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PSYCH 211 (210)


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University of Waterloo
Mathieu Le Corre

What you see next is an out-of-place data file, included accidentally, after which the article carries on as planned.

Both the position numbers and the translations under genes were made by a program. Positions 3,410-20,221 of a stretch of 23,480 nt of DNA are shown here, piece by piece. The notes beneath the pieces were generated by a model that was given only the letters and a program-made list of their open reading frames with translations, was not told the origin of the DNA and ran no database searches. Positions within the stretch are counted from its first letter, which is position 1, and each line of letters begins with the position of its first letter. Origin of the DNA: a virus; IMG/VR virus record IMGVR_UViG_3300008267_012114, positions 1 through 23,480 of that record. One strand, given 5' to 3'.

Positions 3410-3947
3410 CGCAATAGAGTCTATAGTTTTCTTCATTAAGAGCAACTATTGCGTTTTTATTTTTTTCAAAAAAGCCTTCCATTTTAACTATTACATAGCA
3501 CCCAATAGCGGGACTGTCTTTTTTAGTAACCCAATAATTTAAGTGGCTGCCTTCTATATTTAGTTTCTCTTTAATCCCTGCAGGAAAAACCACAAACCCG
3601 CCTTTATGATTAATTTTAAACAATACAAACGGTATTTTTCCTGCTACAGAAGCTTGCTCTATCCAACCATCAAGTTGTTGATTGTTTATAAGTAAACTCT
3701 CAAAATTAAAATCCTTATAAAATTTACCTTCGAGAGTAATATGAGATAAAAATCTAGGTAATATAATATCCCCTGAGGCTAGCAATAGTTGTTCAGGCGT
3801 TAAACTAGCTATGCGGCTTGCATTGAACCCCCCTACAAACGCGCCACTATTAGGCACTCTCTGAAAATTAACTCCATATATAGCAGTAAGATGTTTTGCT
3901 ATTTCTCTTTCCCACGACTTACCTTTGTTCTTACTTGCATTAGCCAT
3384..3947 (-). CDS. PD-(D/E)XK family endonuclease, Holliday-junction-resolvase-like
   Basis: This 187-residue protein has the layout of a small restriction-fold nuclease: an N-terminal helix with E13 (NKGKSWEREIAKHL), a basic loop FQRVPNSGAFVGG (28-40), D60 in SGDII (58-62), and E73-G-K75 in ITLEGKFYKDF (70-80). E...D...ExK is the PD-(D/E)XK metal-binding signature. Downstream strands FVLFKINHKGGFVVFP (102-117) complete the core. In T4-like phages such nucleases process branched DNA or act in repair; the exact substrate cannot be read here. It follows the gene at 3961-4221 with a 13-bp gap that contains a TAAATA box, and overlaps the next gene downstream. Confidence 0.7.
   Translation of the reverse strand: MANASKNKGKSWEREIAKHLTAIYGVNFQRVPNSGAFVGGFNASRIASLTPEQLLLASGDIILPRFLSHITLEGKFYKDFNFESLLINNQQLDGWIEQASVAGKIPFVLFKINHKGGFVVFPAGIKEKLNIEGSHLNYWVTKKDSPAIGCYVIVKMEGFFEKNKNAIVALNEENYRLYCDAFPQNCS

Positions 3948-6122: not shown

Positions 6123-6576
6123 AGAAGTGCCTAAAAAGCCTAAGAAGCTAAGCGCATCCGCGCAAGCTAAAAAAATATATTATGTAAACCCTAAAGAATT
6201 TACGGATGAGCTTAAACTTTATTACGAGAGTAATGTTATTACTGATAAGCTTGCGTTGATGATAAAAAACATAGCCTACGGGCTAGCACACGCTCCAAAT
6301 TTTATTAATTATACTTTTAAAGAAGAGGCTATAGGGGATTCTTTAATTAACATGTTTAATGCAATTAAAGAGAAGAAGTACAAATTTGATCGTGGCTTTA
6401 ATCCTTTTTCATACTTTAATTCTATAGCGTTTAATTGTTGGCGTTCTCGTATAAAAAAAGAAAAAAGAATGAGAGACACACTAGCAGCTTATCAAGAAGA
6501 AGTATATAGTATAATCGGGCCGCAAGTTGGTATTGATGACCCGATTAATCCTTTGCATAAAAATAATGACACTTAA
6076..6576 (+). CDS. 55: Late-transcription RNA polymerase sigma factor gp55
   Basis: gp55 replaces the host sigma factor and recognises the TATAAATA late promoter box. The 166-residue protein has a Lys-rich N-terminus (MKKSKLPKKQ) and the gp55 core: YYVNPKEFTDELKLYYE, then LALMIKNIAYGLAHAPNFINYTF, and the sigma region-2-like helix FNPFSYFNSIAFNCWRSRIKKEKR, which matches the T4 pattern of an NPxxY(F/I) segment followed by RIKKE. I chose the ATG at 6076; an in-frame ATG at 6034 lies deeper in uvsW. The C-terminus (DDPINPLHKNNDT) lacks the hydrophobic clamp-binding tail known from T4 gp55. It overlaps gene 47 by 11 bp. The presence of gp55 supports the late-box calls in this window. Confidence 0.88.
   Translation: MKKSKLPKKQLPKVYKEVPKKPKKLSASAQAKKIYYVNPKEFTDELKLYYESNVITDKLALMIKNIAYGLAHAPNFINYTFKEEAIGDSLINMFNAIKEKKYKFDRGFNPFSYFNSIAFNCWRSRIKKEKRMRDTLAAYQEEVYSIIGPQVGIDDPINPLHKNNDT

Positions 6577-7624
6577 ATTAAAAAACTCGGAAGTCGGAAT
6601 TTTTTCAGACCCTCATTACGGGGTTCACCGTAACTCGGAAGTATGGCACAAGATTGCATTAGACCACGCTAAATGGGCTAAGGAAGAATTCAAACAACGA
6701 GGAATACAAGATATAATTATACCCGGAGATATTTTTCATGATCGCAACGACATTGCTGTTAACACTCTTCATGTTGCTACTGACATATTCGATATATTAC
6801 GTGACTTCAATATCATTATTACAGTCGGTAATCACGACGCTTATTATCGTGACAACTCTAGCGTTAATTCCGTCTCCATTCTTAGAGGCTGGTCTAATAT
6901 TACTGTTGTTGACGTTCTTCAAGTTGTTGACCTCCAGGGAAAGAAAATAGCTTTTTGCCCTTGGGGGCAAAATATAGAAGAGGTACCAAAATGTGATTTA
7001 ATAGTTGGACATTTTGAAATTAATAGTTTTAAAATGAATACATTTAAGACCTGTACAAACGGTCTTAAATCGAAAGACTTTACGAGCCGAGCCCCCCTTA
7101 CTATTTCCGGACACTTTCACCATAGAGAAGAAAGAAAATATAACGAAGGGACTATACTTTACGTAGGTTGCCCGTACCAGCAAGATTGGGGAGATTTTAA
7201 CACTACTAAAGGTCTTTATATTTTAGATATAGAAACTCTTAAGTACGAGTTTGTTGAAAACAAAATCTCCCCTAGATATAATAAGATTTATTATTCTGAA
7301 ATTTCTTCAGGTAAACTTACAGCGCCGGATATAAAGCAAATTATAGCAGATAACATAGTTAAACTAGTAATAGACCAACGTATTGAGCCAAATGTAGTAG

Intelligence How IQ used to be scored…  Compare child‟s score to scores of - younger children - children of same age  Score is “mental age”  IQ= mental age/chronological age x 100 - IQ < 100  MA < CA…  Today‟s intelligence tests cover a broad amount of information  Binet -> invented IQ test – found „typical‟ problems for every age group  The score you got was your mental age  Today IQ is scored differently:  Child‟s score on test = number of questions passed until reach level where fail multiple questions in a row  If you get IQ score of 100 at age 6, and 100 at age 18, doesn‟t mean you‟re any smarter at age 6, and also doesn‟t mean you‟re only able to define the same things you could at age 6 Do IQ tests work?  Are they reliable? Does the score stay constant over short-term? Long-term?  Are they valid? Do they really measure intelligence? Infant IQ – The Bayley Scales  Age range: 1-42months  Gives average developmental milestones for five different aspects of development or “scales”  Ex. Motor Scale  6 months: when an object hits the floor, baby turns head toward object  12 months: imitate experimenter‟s actions  16 months: build a tower from three blocks  Used to diagnose early developmental delays Reliability: Baby IQ Bayley Infant Scale:  Scores for 1-18 month-olds do not correlate with later IQ scores (no relationship)  Begin to see systematic results when using test on babies at 18 months on Habituation  Present stimulus: measure how long it takes until baby looks away  Take stimuli away and put it back on – measure again  Repeat until infant looking reaches “boredom” criterion  Time to habituate in 1-6month olds correlates highly with elementary school IQ Correlations:  Measure strength of association between two variables  Range from 1 to -1 Development of Emotions:  Do we experience all emotions from the beginning of life? – Focus: happiness, fear, sadness…  How do we learn to “read” other people‟s emotions Happiness, Fear, Sadness:  Known as “basic emotions”  Each basic emotion is a little package of a physiological reaction, a subjective experience, and overt behaviour  Facial expressions – most studied overt behaviour  Each basic emotion gets its own facial expression  Experienced worldwide Positive Emotions  Social smile appears at 2 or 3 months  Creates feedback loop of interaction  Evoked by human face  3-month olds prefer people to “talking fuzz ball”  7-month olds begin directing towards familiar people  Selective smiles delight parents  Encourage care and strengthen bond between parent and infant Negative Emotions  Newborn‟s reactions to hunger, pain, overstimulation are the same reaction  Claim: distress is initially undifferentiated Fear:  First expression: around 4 months in presence of unfamiliar objects, peopl
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